11 ways to bounce back from a job loss


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Even if COVID-19 didn’t physically affect your family, the resulting recession probably did. In the past few months, millions of people have lost their jobs and struggle to get by in-between paychecks. A recession is tough on everyone, but especially when your income is negatively impacted.

But even if the past few months haven’t been your best financially (or otherwise, let’s be honest), there are still ways to bounce back. Here are 11 things to do if you’ve been laid off that will help you bounce back.

Related: 7 brilliant moves to thrive in an uncertain economy

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1. Apply for unemployment

No matter how you feel about unemployment, or how temporarily you hope to be without work — if you qualify for unemployment, apply for it. Under the CARES Act, more people than ever before are qualifying for unemployment benefits and other forms of assistance. Unemployment benefits provide a steady source of income to survive a short-term money crunch, and it might just be the difference between keeping on top of expenses or digging into your savings to get by. Like all things government-regulated, unemployment takes a while to kick in, which means you’ll want to apply for unemployment as soon as you can.

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2. Grieve the loss

Going from working a regular job with reliable paychecks to being furloughed or laid off is a huge change, and you should give yourself time to grieve the loss. Losing a steady source of income not only sets you back financially, but it also causes a lot of stress and uncertainty for the future. Don’t be surprised if the first few days after losing your job feel a lot like one of your worst breakups — because, in some ways, it kind of is. Give yourself time to adjust to this big change, then you’ll be better prepared to gear up for what comes next.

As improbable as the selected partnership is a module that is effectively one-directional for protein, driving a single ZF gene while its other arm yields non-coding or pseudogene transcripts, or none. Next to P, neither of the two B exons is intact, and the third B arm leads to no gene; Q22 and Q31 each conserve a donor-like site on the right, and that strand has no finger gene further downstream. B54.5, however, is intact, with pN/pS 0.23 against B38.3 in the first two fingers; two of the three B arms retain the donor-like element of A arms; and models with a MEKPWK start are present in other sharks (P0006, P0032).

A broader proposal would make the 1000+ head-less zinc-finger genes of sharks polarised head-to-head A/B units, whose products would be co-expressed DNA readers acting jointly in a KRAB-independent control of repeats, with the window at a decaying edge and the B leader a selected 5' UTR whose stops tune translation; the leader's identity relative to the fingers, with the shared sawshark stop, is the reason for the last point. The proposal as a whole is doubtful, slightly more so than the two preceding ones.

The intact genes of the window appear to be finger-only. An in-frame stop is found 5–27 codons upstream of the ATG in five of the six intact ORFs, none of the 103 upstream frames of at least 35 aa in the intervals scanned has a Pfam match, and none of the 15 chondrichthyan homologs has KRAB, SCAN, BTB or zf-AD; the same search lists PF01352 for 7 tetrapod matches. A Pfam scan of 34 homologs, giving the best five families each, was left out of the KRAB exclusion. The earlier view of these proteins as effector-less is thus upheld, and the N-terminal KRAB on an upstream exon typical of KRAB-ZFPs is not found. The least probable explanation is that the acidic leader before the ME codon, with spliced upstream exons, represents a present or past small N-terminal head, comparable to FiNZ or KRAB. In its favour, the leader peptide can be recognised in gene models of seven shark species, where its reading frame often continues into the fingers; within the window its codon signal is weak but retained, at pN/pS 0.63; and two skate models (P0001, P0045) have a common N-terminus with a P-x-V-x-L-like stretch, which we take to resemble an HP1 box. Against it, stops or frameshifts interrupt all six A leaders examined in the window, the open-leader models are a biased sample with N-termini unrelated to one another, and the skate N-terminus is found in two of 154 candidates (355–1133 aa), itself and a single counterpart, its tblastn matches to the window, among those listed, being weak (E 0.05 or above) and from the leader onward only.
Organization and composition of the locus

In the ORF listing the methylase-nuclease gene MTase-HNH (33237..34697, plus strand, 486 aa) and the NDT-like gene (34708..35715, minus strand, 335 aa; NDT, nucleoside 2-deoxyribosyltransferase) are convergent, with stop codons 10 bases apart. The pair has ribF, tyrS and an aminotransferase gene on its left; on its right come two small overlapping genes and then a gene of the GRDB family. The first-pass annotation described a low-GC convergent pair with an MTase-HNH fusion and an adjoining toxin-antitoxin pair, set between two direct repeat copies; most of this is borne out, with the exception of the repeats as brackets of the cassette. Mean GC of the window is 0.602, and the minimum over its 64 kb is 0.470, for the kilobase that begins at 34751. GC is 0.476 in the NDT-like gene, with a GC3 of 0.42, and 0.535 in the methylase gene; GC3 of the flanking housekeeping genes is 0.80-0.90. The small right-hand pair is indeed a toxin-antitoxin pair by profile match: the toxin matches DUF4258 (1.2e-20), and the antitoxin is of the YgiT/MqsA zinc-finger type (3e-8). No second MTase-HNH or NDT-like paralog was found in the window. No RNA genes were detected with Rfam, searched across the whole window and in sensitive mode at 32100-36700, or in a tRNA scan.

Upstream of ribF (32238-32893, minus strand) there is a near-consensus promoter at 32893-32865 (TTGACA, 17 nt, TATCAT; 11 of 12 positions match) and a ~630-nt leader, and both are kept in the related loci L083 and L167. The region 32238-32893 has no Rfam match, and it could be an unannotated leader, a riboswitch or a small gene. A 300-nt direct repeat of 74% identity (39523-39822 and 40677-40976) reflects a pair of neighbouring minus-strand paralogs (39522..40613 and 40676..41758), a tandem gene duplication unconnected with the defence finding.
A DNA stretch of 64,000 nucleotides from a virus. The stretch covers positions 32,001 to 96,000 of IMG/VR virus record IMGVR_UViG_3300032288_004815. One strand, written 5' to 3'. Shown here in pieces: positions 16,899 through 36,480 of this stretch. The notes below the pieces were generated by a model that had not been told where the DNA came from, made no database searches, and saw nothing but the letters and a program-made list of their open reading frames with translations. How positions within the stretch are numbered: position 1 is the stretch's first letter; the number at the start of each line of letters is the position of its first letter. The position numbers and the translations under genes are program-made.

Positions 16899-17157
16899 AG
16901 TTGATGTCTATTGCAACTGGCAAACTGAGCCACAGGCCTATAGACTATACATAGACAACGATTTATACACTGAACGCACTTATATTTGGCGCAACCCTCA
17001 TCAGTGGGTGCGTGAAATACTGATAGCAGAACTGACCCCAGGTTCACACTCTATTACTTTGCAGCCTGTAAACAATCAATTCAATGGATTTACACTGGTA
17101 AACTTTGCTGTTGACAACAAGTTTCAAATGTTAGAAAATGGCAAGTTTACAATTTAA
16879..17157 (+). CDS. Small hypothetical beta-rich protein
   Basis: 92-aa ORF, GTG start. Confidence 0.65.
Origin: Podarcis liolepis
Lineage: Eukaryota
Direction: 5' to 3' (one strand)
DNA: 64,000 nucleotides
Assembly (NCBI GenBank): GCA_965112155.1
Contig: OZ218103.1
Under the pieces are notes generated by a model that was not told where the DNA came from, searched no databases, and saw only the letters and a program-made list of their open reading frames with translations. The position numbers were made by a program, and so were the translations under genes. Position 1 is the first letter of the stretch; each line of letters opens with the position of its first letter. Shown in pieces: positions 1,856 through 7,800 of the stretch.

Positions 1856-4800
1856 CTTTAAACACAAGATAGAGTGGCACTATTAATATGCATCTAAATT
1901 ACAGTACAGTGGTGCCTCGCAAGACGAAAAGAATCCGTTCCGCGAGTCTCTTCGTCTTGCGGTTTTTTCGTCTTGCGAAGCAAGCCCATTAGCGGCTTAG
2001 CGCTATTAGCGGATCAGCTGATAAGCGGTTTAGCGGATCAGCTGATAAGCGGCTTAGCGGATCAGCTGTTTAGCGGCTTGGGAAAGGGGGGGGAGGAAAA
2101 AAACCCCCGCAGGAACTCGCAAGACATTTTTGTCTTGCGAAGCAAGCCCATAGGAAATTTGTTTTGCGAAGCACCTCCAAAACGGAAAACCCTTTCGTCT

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3. Shift your mindset

After you’ve had time to adjust, get ready to shift your mindset. No matter how hard it feels, try to adopt an I can handle this attitude. Rather than dwelling on all the negatives of losing a job, start making a list of things you can do now to secure your financial future. Coming up with action items will not only help you move past the grief of job loss, but it will also empower you to keep working toward new opportunities.

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4. Network, and then network some more

Never underestimate the power of your network. Whether you’re distantly connected to a few C-suite execs at your dream company or have a friend who just landed a new job — your network is your best resource when it comes to finding new opportunities. Text or email your former colleagues to see what they’re up to; make new connections on LinkedIn; and even browse your favorite networking Facebook groups to see if anyone is hiring. Having a friend or even just an interest in common will give you a leg up on the competition when it comes to hiring, so keep your eyes and ears open for opportunities your network is putting forth.

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5. Audit your skills

There’s never a better time to audit your skill set than when you’re in between jobs. Know something you could learn that would make you a better candidate for your next role? Now might be the perfect time to brush up on the skills you need to be a more competitive applicant. Look at your past experience and find any gaps that can be filled or creative ways to use those experiences in future roles. Once you start looking at your resume with the eyes of a hiring manager, you’ll be able to make the types of improvements that really count. The good news? Several sites offer free online education, so you may be able to address any skills gaps at no cost.